Monsanto, RoundUp and Junk Science

Last weekend demonstrators joined a March Against Monsanto in some 428 cities in 38 countries, including more than 240 cities in the U.S. alone. What exactly has so many people riled up? Monsanto, of course.
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Last weekend demonstrators joined a March Against Monsanto in some 428 cities in 38 countries, including more than 240 cities in the U.S. alone. What exactly has so many people riled up? Monsanto, of course, is an agrichemical and biotech giant, responsible for more than 90 percent of the traits in genetically engineered corn, soy and cotton sold worldwide. The company is a flash point for those who oppose the technology. But now a new issue has emerged. Monsanto's herbicide glyphosate -- trade name RoundUp -- which is used on most genetically engineered crops (also known as GMOs), is sparking new and serious concern, not just among GMO opponents but among health and environment experts globally.

There is good reason to be concerned with glyphosate and its widespread use on GMO crops. When they were first being introduced in the early 1990s, biotech companies said GMO crops could do many things -- produce more nutritious food, resist climatic stress, reduce pesticide use, and confer many other benefits. But, in fact, the characteristic most widely engineered into crops was the ability to withstand RoundUp. This was a win-win for Monsanto -- they could sell the engineered seeds, and also sell the weed killer the seeds were designed to withstand. Since this greatly simplified weed control, farmers embraced the seeds and glyphosate use. Today, 90 percent or more of the corn, soy, canola, sugar beets grown on U.S. cropland are varieties that have been engineered to tolerate glyphosate.

Not surprisingly, glyphosate use has increased vastly. In the period between 1996 and 2011, during which GMO crops were introduced into U.S. agriculture, these crops increased herbicide use by 527 million pounds. Use of glyphosate on just two crops, corn and soy, has increased almost 17-fold between 1996 and 2012, from roughly 12.5 million pounds to 210 million pounds.

So what's the problem here? Glyphosate (RoundUp) has long been touted as virtually harmless. EPA doesn't even bother to test for residues in food, having decided years ago they pose little risk. But studies to the contrary have gradually been accumulating, and in March of this year, 17 experts from 11 countries meeting at the World Health Organization International Agency for Research on Cancer (IARC), unanimously agreed to re-classify glyphosate as "probably carcinogenic to humans" (e.g. Group 2A). The Chair of the IARC committee was Dr. Aaron Blair, formerly the top scientist on pesticides and cancer at National Cancer Institute.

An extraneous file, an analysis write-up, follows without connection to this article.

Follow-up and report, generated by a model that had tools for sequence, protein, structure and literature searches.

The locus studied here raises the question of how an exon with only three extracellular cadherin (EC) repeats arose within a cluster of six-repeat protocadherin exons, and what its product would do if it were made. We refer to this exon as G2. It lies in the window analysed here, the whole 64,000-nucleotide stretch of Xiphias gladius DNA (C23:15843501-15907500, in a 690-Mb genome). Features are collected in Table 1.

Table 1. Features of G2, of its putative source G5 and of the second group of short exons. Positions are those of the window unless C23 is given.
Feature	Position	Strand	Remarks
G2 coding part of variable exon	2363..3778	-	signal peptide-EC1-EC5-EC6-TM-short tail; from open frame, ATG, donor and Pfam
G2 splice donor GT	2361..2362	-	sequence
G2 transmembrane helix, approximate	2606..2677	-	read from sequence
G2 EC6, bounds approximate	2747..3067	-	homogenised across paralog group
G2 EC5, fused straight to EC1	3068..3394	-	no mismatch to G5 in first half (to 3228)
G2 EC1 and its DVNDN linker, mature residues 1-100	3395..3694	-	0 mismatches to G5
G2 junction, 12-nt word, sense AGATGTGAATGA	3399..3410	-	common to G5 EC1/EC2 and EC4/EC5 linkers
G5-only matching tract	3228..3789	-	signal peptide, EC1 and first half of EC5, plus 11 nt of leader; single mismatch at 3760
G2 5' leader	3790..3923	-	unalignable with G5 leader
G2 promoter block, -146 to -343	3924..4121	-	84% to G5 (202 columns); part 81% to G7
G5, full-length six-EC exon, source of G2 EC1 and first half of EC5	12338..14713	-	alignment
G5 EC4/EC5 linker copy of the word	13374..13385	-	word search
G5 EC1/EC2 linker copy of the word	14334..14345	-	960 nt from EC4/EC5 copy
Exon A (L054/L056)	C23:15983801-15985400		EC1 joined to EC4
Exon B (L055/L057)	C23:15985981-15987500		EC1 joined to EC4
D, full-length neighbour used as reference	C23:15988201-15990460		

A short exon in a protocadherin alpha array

Monsanto has called the IARC findings "junk science," as the findings differ from the assessment of regulatory agencies in the U.S. and EU. However, IARC, unlike the regulatory agencies, looks at all the available studies in the scientific literature and does not ignore or downplay studies performed on the formulated product and/or which do not follow narrow testing protocols.

The response to IARC's findings in other parts of the world was immediate. Colombia halted the spraying of glyphosate as part of their coca eradication program. Bermuda and Sri Lanka banned imports of glyphosate products, and Germany's state consumer protection ministers called for "the supply to and use by private persons to be banned for precautionary reasons."

Health risks are not the only new concern. The vast increase in herbicide use associated with GMO crops, virtually all due to glyphosate (RoundUp), has also caused a substantial increase in glyphosate-tolerant weeds, dubbed "super weeds" by some. A survey of farmers in 2012 found that almost half of U.S. farmers had glyphosate resistant weeds on their farms, up from 34% in 2011.

Widespread use of glyphosate on engineered crops throughout the Corn Belt also appears primarily responsible for a large decline in Monarch butterfly populations because the herbicide eradicates milkweed, on which the butterfly depends for food. In response to a petition from environmental organizations, the U.S. Fish and Wildlife Department is considering whether to place the Monarch butterfly on the Endangered Species list.

The biotech industry's primary answer to the super weed problem so far has been to develop crops (corn and soy) that are resistant to other herbicides such as 2,4-D and dicamba. But some scientists think these are even more toxic than glyphosate. Next week IARC will meet to discuss, in part, whether to changes the carcinogenicity classification of 2,4-D and related herbicides, and perhaps determine that they are "probable human carcinogens." Stay tuned.

Whether you march against Monsanto or not, there are clearly new safety concerns -- the cancer risks -- and environmental impacts -- superweeds and Monarch losses -- linked to Monsanto's herbicide. They demand serious consideration by regulators.

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